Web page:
Cokie Roberts no longer has the stress of submitting daily stories for both National Public Radio and ABC-TV — an almost unimaginable workload. And her life is cushioned by a supportive husband, six grandchildren ages 8 to 13 (“Aren’t I lucky?,” she says, her voice infused with delight), as well as a dear chocolate lab who just broke its elbow so is attending canine boot camp.
She still reports on Congress and politics Monday mornings for NPR, participates in round-table talks Sundays on This Week with George Stephanopoulos, and is completing another deeply researched history book.
She’ll speak at 7 p.m. Wednesday at Authors! Authors!, the speakers’ series sponsored by The Blade and the Toledo-Lucas County Public Library.
Cokie Roberts, NPR and ABC political reporter and author, will speak at 7 p.m. Wednesday in the Stranahan Theater, 4546 Heatherdowns Blvd. Her one-hour talk will be followed by a Q&A and a book signing. Her books will be sold in the lobby before and after her talk.
Tickets are $10 ($8 for students) at all library branches and at the door. Seating is first-come, first-served.
Ms. Roberts, 70, will talk about her books, Ladies of Liberty: The Women Who Shaped Our Nation (2008) and Founding Mothers: The Women Who Raised Our Nation (2004). She greatly condensed the latter book (359 pages) into a 37-page version for ages 7 to 12, published in February with fetching drawings by Diane Goode.
“Aren’t those illustrations wonderful?” she says.
Ms. Roberts’ passion for bringing the overlooked contributions of American women to light continues in the book she’s been plugging away at for years about how the Civil War changed women’s lives, based largely on the diaries of Washington women.
“Oh, it’s a lot of fun. The writing’s hard, but the research is fabulous. I love learning this stuff, that’s just being a reporter. If I could just learn it and tell you about it, that would be great,” she laughs. The tough part is producing sprightly writing.
Significantly changed between writing this and earlier books is how much more can be done from home.
“You can be in touch with the Duke library and say, ‘You have Virginia Clay-Clopton’s diary,’ and they will scan it and send it to you in a drop-box account. I can see what’s in it on the computer, then I can send it to the person who transcribes it. It’s all by computer.”
Like language, handwriting was quite different 150 years ago, and some transcriptionists specialize in deciphering it.
Mary Martha Corinne Morrison Claiborne Boggs Roberts grew up in New Orleans, the daughter of Hale and Lindy Boggs, Louisianans who between them served as that city’s congressional representatives for nearly 50 years. She attended schools in New Orleans and Washington run by the nuns of the Society of the Sacred Heart “who take girls seriously — a radical notion in the 1950s,” she wrote in the dedication to Founding Mothers. “I’m still very close with them.”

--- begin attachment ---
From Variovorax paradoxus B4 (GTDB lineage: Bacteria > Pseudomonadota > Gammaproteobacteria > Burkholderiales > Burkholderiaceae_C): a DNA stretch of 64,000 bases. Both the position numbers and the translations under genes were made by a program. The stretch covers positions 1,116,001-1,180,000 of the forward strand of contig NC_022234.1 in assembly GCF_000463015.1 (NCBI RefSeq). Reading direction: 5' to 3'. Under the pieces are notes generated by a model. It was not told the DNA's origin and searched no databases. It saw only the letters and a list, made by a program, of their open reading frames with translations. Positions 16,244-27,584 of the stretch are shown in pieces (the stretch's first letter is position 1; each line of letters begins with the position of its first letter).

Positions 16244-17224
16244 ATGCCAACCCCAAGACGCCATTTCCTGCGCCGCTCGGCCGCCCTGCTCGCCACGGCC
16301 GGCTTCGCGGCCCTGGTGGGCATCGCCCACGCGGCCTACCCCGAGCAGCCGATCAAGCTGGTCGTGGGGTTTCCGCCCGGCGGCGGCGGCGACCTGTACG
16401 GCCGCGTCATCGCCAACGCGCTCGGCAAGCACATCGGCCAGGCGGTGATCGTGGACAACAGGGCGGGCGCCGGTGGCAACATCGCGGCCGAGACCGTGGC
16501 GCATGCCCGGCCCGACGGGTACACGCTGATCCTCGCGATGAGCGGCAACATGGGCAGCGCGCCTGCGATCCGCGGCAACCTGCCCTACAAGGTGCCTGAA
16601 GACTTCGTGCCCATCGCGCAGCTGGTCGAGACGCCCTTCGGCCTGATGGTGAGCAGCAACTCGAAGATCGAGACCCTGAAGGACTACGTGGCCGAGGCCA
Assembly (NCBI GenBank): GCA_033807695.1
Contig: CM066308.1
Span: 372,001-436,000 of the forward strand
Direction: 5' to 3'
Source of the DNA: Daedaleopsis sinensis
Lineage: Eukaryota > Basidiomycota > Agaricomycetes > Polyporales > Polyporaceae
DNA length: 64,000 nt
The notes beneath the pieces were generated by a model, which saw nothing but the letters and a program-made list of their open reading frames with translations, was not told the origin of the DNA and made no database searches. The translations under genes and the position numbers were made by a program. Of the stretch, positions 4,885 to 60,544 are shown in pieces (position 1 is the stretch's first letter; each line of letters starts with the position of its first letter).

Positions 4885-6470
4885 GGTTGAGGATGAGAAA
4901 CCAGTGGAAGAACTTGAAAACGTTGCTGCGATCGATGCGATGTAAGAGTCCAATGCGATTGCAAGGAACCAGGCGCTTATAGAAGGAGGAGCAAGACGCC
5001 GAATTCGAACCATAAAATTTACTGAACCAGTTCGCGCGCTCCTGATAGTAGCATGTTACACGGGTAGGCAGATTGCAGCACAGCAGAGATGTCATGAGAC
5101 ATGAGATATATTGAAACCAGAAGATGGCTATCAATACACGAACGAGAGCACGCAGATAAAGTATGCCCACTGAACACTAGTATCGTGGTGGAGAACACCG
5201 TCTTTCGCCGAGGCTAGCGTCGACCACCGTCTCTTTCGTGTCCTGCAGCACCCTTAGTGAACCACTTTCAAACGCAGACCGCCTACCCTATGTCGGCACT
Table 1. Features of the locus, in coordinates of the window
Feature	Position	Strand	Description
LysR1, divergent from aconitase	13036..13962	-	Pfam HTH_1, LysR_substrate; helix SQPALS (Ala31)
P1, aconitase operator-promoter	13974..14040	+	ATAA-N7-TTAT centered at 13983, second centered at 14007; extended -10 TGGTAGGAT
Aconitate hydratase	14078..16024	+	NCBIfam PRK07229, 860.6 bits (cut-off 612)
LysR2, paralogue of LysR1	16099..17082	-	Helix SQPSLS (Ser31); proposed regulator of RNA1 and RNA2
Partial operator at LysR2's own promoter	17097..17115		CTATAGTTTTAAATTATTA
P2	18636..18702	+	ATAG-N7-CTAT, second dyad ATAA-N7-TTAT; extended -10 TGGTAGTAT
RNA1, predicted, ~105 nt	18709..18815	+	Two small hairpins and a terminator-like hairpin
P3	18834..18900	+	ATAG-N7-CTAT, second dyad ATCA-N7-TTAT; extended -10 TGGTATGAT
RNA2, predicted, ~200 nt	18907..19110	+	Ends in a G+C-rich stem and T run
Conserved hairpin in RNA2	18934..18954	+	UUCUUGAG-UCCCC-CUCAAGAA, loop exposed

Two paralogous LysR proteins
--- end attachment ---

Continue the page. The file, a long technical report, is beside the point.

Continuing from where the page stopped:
After graduating from Wellesley College in 1964, she married Steve Roberts in 1966, at her parents’ (her current) home in Bethesda, Md. There were 1,500 guests at the wedding and her mother did the cooking.
“The house is not that large. And my mother was crazy, what can I tell you? My father probably said ‘You all come,’ and then told my mother to deal with it. So she did, like she did everything else. She was a remarkable person.”
It was an interfaith marriage: the Boggs were Catholic, the Roberts, Jewish. A priest officiated at the wedding in which a Jewish elder took part and Hebrew traditions were incorporated.
Married 48 years, she and Steve, a journalism professor at George Washington University and former New York Times reporter, were diligent at incorporating both faith traditions when raising their daughter and son, and in 2011 published Our Haggadah: Uniting Traditions for Interfaith Families. He’s joked that Cokie’s the best Jew in the family. A decade earlier they wrote From This Day Forward, about their own and the marriages of others throughout American history.
Putting on a seder every year and learning about Judaism has deepened her own faith.
“We say Judeo-Christian for a reason. Christianity grows out of the Jewish tradition,” she says. “The Last Supper was a seder, the creation of the sacrament of the Eucharist was a seder. So knowing a great deal more about Judaism than I did growing up has taught me a great deal more about Christianity.”
She covered politics, Congress, and public policy for the Public Broadcasting Service, World News Tonight, The MacNeil/Lehrer NewsHour, and from 1996 to 2002 co-anchored This Week with Sam Donaldson & Cokie Roberts. She was also a CBS News reporter in Athens.
“In the days when I was reporting daily for both NPR and ABC, that was a huge amount of work and the volume and the stress of that was enormous. Some stories are complicated and hard. Certainly there was always the business in the early days of being a woman in a man’s field and all that.
“I don’t consider anything at work as hard as anything in life. Work is just work.”
Hard is “My father’s plane going down when he was 58, my sister dying of melanoma when she was 51. And my husband’s twin brother [Marc J. Roberts] just dropped dead a couple of weeks ago. Nothing work-wise ever compares to that.”
Their daughter Rebecca organizes programs for the Smithsonian; son Lee is budget director of the state of North Carolina.
“I’m a good cook and I’ve done needlework but I don’t really have hobbies. I like to just hang with my friends and family.”
Contact Tahree Lane at firstname.lastname@example.org and 419-724-6075.